Tell Me Who I Am, O Enneagram By Fr. Mitchell Pacwa, S.J.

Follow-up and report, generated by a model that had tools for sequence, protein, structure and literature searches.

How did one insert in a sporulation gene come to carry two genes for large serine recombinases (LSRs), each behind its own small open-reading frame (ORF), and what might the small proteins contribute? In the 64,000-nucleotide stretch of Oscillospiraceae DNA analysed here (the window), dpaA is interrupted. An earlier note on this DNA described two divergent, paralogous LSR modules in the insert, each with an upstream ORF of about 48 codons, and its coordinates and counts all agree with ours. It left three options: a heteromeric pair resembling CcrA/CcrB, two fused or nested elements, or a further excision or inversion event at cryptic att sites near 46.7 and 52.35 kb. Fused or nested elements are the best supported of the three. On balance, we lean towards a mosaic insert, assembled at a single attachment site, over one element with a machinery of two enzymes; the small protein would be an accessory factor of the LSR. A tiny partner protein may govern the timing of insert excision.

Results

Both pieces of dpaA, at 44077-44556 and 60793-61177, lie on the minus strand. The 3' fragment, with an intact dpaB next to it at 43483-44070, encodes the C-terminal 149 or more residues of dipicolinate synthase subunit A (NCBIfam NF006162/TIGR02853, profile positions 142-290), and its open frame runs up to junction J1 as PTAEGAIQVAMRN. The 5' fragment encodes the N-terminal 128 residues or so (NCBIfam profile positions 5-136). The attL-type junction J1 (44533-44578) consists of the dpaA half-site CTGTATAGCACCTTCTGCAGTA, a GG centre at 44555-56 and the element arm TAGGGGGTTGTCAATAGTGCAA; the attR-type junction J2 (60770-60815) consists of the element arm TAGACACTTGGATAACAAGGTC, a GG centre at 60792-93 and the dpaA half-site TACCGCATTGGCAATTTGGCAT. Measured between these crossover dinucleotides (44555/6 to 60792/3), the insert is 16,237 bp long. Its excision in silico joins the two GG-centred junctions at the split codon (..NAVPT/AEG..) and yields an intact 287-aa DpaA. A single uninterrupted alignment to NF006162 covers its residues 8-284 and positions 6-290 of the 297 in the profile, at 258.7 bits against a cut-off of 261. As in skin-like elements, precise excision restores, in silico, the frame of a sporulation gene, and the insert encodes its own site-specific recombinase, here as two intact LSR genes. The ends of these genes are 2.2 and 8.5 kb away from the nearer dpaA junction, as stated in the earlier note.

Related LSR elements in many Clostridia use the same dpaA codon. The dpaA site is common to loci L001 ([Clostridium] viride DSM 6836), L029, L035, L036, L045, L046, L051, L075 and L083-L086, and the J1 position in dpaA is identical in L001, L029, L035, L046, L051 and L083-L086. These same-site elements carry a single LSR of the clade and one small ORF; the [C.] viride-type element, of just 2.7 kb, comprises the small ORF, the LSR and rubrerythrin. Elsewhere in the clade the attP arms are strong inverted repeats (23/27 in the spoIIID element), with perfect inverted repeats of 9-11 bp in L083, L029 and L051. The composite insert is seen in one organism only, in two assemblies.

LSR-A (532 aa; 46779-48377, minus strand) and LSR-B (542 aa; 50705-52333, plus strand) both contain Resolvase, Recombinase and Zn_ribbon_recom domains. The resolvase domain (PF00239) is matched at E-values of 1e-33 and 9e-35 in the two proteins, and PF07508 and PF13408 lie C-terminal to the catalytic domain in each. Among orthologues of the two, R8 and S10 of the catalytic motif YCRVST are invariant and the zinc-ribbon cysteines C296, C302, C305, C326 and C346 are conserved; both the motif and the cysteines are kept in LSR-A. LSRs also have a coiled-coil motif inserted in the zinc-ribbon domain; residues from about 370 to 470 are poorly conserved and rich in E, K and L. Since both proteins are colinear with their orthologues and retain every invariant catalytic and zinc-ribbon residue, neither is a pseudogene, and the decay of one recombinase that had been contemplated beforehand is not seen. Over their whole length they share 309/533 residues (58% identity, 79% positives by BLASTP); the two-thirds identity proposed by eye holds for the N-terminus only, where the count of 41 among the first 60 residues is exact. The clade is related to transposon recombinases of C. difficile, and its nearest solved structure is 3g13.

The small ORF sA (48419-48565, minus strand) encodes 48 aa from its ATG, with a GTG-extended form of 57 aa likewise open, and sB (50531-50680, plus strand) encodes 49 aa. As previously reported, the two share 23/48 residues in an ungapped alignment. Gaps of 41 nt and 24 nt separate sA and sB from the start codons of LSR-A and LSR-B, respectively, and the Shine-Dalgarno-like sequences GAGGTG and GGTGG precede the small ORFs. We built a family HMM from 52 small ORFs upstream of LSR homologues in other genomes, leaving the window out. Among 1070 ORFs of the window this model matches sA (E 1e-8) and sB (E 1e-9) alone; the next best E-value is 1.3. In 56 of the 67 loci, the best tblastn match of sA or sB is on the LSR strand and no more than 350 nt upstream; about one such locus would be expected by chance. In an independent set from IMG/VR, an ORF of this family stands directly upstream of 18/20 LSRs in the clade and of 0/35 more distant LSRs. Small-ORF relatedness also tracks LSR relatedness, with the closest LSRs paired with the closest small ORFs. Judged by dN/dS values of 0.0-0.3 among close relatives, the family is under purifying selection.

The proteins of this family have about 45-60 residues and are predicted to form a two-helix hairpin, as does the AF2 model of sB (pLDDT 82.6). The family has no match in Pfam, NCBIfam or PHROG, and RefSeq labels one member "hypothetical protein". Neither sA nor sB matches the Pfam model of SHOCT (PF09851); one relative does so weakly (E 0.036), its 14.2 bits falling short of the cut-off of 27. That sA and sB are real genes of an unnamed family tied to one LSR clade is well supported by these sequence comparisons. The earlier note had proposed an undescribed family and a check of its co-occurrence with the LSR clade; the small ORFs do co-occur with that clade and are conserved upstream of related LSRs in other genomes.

From the Christian Research Journal, Fall 1991, page 14. The Editor-in-Chief is Elliot Miller. In America and abroad a system of classifying personality types -- the enneagram -- is becoming very popular. Strictly speaking, the enneagram is a circle with nine points on it (ennea means "nine" in Greek, and gram means "line drawing"). Inside the circle two figures connect the nine points, a triangle and an oddly shaped six-pointed figure. Most people who refer to the enneagram, however, relate it to a personality typology system based on this drawing. In workshops they learn that only nine personality types exist and that every person fits into one of them. Each of these nine types represents a personality compulsion, a wrong or even "demonic" way of behaving. Once a person identifies his or her type (usually classified by a number on the enneagram), then he or she can supposedly learn how to improve, or at least avoid getting worse, spiritually. The enneagram is particularly popular among Catholic groups, with parishes and retreat houses offering workshops across the country. Rarely are teachers or participants aware of its occultic origins, something that should be a source of real concern for the Christian church. Echoes of a false, Gnostic theology are heard in enneagram teachings, though its occult roots are masked. The lack of scientific research into the enneagram system is an additional cause for concern. This article will examine these three aspects of the enneagram: its occultic roots, its Gnostic theology, and its lack of scientific support. HISTORICAL BACKGROUND -- GEORGE GURDJIEFF The man credited with bringing the enneagram figure to the West is George Ilych Gurdjieff, a GreekArmenian from what is now Soviet Georgia. He apparently enjoyed being shrouded in mystery, as seen in the different dates he gave for his birth: he told some disciples it was 1869. But his passport had the date December 28, 1877. He told others that an Edison phonograph was playing during his birth, confirming 1877, the year the phonograph was invented. Others said he was 77 years old when he died, placing his birth year in 1872. (Gurdjieff was known to be a liar and to make outrageous claims in order to shock disciples into spiritual change; perhaps the secret about his age belonged to the outrage.) According to Gurdjieff's book Meetings with Remarkable Men, a sort of autobiography, his family wanted him to study for the Orthodox priesthood, while his own interests were in studying science and technology. Meanwhile, a local priest suggested both seminary and medical school so he could heal both soul and body. [1] Gurdjieff ultimately rejected all of the above because of his fascination with the occult. Astrology, mental telepathy, spiritism and table turning, fortune telling, and demon possession all held his interest as a youth. [2] He would not listen to his priest's warnings about these things, nor did he find the explanations of science very satisfying, either. Therefore, in his late teens, he set out to pursue these occult "sciences," traveling throughout central Asia, the Mediterranean basin, Egypt, Tibet, and India. The special goal of his search was the esoteric Sarmouni school, allegedly founded in Babylon around 2500 B.C. He had read about it in an ancient Armenian book and felt drawn to find this school.